Does the Mexican National Team subsidize MLS?

A recent Twitter thread explored why potential MLS team owners, like St. Louis FC, are willing to pay a $200 million franchise fee to get into the MLS.

A point made there was that a Ligue 1 side in France’s top soccer league just sold for $110 million, so how can an MLS side with no history be worth more?

Twitter users Ian Mailoux and Paul Cox laid out specifics of soccer market in the U.S. that I hadn’t considered before.

I was aware that MLS owners all each have a stake in SUM (Soccer United Marketing), which owns broadcast rights for MLS and US National Team matches.

But, I undervalued what that stake was worth.

I didn’t think MLS and national team match broadcast rights carried enough value to justify $200 million MLS franchise fees.

I considered these, plus MLS team revenue, to be a breakeven proposition for MLS owners, at best.

I assumed the owners were willing to pay high franchise fees, betting soccer would grow to NFL or MLB proportions in 10-20 years and then they could sell their teams for multiples of what they paid.

But, the folks above pointed out that SUM also owns the broadcasting rights to ANY soccer match played in the U.S., including Mexican National Team matches played here.

I’ve attended  MNT friendly and USMNT Gold Cup game in the same city. The MNT friendly drew more than double the USMNT, if that’s any indication to the what the difference in value in broadcast rights might be.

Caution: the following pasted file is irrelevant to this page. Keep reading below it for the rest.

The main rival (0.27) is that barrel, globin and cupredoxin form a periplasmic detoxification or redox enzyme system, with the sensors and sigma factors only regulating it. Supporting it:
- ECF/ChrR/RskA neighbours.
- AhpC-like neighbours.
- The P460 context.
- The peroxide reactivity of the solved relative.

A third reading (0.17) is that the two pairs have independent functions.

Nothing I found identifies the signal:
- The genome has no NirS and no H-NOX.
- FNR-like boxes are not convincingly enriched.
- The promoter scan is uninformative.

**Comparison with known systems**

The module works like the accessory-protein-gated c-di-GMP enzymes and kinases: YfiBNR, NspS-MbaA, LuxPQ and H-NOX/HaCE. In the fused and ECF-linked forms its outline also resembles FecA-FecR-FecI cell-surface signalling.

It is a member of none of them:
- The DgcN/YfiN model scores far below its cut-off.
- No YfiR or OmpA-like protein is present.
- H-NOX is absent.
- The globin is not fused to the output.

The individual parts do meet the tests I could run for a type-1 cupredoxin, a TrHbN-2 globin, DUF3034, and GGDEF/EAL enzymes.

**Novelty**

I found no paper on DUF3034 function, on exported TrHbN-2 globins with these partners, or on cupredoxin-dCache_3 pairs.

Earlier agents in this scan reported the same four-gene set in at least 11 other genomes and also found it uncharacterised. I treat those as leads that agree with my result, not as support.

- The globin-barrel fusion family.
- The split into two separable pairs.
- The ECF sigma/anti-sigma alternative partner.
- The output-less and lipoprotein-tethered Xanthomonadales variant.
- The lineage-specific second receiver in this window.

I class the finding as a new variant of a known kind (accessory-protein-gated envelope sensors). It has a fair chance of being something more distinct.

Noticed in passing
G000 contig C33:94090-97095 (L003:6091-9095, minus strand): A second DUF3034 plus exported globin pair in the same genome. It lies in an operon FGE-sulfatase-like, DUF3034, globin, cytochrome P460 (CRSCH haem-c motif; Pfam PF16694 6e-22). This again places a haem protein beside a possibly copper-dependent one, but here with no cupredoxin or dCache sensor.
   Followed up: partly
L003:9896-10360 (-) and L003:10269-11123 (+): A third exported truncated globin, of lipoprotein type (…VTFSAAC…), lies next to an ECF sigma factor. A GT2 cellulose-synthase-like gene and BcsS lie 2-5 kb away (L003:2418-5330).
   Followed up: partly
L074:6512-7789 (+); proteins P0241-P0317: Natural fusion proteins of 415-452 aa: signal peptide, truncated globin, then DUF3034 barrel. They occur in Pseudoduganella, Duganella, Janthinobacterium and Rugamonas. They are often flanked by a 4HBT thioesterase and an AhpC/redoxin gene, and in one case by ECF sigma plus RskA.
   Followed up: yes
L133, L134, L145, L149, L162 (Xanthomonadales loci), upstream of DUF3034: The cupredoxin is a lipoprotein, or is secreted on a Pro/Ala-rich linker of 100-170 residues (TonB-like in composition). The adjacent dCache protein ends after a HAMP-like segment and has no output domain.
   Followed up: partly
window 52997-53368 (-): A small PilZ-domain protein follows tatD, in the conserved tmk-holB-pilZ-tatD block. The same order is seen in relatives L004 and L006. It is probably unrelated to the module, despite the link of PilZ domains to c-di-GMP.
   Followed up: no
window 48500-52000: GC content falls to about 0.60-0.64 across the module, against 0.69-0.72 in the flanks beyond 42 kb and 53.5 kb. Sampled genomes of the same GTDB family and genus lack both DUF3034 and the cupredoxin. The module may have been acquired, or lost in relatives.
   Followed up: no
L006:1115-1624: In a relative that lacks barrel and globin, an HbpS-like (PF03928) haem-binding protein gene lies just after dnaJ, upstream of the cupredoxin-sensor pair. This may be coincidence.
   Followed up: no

So, having broadcast rights to MNT in the US starts to increase the value of a stake in SUM above breakeven.

I imagine that a stake in SUM includes broadcasting rights for games of major tournaments played on US soil like the Gold Cup and the big one: 2026 World Cup.

Adding that to the valuation starts to make the exorbitant franchise fees look more reasonable.

This also sheds light on other recent actions taken by US Soccer.

I thought the single-focus pursuit to host the 2026 World Cup was mostly for the good intentions of bringing the game to the states to stoke interest in the sport.

Silly me. It makes more sense that the payout to SUM owners from the broadcast rights to those games was the prime motivator and why the MLS (/SUM buy-in) franchise fee is up to $200 million.

The franchise fees allows SUM/MLS to monetize some of that 2026 money now, to keep the lights on.

It also makes sense how US Soccer has snuffed out competing leagues and has gained tighter control of lower divisions, like the USL: so it can control the broadcast rights of those leagues.

Those probably aren’t worth much now, but why should SUM chance another league — that it doesn’t own broadcast rights to — getting a foothold on their monopoly?

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